The sequencing of the human genome is one of several major advances that are revolutionizing
biomedical research. Genome sequencing and other "high-throughput" investigative
techniques, such as DNA "chips" or microarrays, are enabling scientists
to gather enormous amounts of data on gene regulation, protein interactions, and
other aspects of the intricate biomolecular ballet that makes life possible.
These powerful techniques, however, present major computational challenges because
they generate such large and complex datasets. The field of bioinformatics has emerged
to meet those challenges, applying advanced information technology to complex problems
in biology. QB3's Bioinformatics module will provide the mathematical and computational
expertise essential for much of the institute's work.
"As experimental methods become more sophisticated and the amount of data skyrockets,
the role for bioinformatics is dramatically expanding," said David Haussler,
professor of computer science and director of the Center for Biomolecular Science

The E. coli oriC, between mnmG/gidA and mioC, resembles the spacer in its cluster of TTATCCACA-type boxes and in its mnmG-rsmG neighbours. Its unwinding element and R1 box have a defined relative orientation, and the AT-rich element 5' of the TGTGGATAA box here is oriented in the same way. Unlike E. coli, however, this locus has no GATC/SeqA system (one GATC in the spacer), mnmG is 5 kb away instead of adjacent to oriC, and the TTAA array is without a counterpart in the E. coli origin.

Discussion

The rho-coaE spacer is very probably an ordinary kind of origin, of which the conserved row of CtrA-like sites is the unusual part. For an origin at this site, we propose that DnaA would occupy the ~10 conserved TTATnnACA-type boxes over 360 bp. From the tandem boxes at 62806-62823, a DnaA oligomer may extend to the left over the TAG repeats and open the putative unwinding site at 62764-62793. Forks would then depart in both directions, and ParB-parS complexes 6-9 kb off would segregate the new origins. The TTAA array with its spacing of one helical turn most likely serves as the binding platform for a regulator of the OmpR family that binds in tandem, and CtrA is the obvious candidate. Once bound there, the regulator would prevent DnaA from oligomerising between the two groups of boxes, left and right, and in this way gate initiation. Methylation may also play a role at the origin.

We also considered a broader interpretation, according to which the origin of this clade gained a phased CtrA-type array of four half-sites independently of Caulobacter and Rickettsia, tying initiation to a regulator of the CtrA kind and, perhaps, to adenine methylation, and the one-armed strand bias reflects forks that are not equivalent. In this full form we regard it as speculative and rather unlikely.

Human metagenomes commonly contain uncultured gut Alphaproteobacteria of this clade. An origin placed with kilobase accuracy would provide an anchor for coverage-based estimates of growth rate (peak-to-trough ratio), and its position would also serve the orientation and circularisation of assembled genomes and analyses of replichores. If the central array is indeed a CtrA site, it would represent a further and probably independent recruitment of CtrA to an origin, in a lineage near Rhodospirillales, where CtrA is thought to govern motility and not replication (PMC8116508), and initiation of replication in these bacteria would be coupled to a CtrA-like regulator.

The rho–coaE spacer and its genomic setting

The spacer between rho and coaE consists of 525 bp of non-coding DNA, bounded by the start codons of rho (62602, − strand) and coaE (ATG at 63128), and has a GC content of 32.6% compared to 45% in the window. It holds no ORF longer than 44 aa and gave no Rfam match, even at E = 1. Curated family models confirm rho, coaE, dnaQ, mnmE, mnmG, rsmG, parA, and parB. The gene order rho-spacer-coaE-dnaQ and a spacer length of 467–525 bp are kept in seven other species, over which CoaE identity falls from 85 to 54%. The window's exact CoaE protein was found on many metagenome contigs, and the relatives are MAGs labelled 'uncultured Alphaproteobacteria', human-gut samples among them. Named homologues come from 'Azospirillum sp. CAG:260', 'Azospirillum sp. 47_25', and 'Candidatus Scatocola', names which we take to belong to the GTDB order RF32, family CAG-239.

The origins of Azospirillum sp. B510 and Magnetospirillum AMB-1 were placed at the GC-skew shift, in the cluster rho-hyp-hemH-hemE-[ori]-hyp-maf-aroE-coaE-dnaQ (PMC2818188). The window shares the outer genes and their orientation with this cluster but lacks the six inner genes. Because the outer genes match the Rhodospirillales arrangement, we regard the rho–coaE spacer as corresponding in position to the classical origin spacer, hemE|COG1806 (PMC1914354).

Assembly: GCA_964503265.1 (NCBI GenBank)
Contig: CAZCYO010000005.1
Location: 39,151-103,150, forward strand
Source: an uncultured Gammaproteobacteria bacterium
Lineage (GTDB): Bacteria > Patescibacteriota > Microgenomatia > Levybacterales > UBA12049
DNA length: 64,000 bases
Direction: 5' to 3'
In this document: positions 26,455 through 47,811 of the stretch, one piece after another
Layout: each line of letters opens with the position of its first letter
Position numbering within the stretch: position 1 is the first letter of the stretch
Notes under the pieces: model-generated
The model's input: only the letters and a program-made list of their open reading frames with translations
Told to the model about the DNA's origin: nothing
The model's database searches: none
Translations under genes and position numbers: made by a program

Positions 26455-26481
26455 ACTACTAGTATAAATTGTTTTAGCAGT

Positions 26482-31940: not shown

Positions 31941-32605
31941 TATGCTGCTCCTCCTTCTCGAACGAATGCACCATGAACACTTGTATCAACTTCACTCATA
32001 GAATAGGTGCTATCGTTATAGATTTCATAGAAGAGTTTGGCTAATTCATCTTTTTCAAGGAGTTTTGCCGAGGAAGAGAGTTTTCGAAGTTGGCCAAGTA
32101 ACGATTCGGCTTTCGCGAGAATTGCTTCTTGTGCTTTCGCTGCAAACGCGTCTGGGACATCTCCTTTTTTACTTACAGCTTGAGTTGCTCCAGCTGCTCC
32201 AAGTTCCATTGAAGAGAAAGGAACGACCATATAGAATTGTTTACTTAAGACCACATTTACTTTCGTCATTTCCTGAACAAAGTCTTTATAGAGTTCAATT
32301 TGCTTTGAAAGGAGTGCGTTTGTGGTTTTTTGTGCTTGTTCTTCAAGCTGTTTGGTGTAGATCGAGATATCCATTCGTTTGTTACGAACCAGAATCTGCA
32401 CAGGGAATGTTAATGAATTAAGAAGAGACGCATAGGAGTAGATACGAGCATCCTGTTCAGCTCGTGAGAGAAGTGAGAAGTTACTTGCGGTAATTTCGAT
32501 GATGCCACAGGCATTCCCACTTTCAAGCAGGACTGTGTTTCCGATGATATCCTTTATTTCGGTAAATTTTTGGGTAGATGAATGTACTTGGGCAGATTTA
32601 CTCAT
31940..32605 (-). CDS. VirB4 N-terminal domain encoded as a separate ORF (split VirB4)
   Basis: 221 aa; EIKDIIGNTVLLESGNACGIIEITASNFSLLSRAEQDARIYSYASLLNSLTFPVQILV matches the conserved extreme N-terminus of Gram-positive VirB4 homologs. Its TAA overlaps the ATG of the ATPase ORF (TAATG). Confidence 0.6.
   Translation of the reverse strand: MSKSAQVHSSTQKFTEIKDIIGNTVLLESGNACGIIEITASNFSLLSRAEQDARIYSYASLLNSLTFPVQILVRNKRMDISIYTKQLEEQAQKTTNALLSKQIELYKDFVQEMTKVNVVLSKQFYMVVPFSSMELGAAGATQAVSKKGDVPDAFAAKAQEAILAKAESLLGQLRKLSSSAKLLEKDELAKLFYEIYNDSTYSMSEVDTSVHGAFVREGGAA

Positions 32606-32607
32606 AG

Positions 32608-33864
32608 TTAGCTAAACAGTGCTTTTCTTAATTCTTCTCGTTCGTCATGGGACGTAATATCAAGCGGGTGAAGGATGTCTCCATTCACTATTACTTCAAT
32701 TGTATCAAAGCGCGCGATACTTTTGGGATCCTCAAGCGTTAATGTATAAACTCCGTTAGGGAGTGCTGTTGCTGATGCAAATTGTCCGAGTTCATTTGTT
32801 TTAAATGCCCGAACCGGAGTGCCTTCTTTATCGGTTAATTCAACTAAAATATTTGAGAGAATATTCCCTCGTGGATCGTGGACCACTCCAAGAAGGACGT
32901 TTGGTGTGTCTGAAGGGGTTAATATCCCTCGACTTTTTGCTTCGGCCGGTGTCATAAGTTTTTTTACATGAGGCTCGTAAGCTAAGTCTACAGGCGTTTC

and Engineering at UC Santa Cruz.
Haussler, who holds a UC Presidential Chair and is a Howard Hughes Medical Institute
Investigator, is a codirector of the institute. He and his colleagues at UCSC have
played a key role in the Human Genome Project, assembling the first publicly available
working draft of the human genome sequence. They have also designed a web-based human
genome browser that investigators can use to view genes and regions of interest on
the assembled genome together with related information in other databases. The web site has drawn the attention of biomedical
researchers worldwide. On a typical day, the site receives more than 10,000 requests
for information. Researchers are using it to find genes that may someday lead to
new treatments for disease.
The use of human genomics in the development of new drugs and new diagnostic tools
will undoubtedly require new computational methodologies. The institute will provide
unique opportunities for collaborative efforts in these areas, Haussler said.
"Bioinformatics has applications ranging from basic molecular biology to clinical
diagnostics and medical imaging. Through the institute, top researchers in all these